04.01.2021

Robovision: “Within five years artificial intelligence will have become omnipresent”

Robovision has emerged as the best-known AI player in the Benelux countries. However, this young firm has an even more extensive vision. “Healthcare, agriculture, the environment… within five years artificial intelligence will have become omnipresent,” foresees CEO Jonathan Berte. BNP Paribas Fortis is an important partner in their growth.

Jonathan Berte, who trained as a civil engineer, smiles as he thinks back to the pioneering years at Robovision. “In fact, when I was a kid I had a really analytical mindset. In the scouts and at school I used to keep note of absolutely everything. It was really important for me to collect information. I was a kind of ‘infoholic’. But just gathering information gets you nowhere. That also goes for information that’s just stored on hard disks. The added value comes from using that information efficiently.”

How exactly do you do that at Robovision?

“Technology is evolving at lightning speed. These days just about everybody has a smartphone in their trouser pocket.  Apart from anything else, these devices create a great deal of information, so we need to keep up on the algorithmic front and artificial intelligence helps us with that. That’s how we can provide governments, institutions and companies large and small with a platform for automated decision-making on the basis of visual data. In addition we constantly ask ourselves how we can democratise artificial intelligence. So in a way we’re like the Airbnb of artificial intelligence.”

What might that visual data be for example?

“In May, in collaboration with the University of Antwerp and security firm Securitas, we set up a smart camera in a shopping street in order to measure to what extent people were complying with social distancing requirements. This is important information for the decision makers in this country. Of course we don’t have to look through the images ourselves.  We get them analysed using a specific type of artificial intelligence – self-teaching algorithms or what are known as  neural networks. They’re designed somewhat along the lines of our own brains, though not nearly as complex.”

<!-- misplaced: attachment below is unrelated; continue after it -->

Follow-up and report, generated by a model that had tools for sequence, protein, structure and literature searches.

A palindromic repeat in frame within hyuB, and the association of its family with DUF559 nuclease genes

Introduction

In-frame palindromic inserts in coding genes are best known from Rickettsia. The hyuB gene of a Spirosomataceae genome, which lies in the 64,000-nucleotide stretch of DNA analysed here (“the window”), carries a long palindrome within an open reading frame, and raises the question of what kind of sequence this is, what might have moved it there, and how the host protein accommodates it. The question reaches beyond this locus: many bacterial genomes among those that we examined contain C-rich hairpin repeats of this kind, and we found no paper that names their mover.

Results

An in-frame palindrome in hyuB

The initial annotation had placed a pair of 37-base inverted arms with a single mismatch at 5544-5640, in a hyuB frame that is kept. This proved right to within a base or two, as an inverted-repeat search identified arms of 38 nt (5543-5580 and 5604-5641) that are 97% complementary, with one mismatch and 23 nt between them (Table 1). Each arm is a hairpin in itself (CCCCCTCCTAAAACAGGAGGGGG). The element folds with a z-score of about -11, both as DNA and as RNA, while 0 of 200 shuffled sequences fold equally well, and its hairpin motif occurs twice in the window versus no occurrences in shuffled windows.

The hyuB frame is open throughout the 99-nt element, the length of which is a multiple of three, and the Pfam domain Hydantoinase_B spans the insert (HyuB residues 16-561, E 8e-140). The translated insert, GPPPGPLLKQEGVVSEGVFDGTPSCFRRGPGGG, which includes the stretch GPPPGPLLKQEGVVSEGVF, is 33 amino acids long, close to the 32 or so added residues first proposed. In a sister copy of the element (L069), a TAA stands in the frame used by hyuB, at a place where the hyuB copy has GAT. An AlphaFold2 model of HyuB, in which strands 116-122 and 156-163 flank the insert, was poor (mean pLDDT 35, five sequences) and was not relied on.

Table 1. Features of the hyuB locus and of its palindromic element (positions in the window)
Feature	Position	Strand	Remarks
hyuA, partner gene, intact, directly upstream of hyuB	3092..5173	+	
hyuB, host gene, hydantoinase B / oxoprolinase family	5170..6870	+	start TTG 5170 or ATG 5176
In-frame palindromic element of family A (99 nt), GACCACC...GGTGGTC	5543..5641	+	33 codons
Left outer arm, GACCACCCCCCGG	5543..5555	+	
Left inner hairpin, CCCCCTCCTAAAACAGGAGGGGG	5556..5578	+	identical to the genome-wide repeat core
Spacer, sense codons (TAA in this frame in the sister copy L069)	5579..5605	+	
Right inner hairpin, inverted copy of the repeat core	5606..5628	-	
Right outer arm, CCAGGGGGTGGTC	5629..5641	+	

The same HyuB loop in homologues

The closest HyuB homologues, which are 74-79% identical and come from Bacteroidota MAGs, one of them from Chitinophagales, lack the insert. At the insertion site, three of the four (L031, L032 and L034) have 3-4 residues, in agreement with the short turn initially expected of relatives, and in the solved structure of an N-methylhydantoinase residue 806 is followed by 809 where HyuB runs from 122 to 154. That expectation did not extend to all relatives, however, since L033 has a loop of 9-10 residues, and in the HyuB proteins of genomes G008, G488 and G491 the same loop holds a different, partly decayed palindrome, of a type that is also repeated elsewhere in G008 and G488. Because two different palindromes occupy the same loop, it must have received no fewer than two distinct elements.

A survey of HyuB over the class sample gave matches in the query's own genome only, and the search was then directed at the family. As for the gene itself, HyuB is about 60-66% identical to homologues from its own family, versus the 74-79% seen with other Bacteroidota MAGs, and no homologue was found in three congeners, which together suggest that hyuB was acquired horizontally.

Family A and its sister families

Which brings us to the fashionable expression ‘deep learning’.  Are machines eventually going to make themselves smarter than us humans?

“Oh, that’s already underway at this very moment – in radiology, among other fields, plus also in games. Remember the legendary Go match between South Korean grandmaster Lee Sedol and a computer, which was beautifully represented in the 2017 documentary film AlphaGo? We’re also focusing on deep learning, because neural networks are very efficient at dealing with visual data. However, it will be some time yet before AI can equal a human being in intuition for instance.”

You’ve now evolved from a startup to a scaleup. Where do you want to be in five years’ time?

 “The society of tomorrow will be one in which everything will be properly measured and dealt with. For instance, we’re also working in the field of horticulture, where AI can be applied in quality control – to spot fruit with an abnormal shape or colour, say. Lots of agricultural and horticultural businesses have got into difficulties over the last few months because pickers from Eastern Europe weren’t able to enter this country. Those businesses will very probably be investing in AI and automation over the next few years. In these kinds of fields, the coronavirus has taken us to a digital society almost overnight.”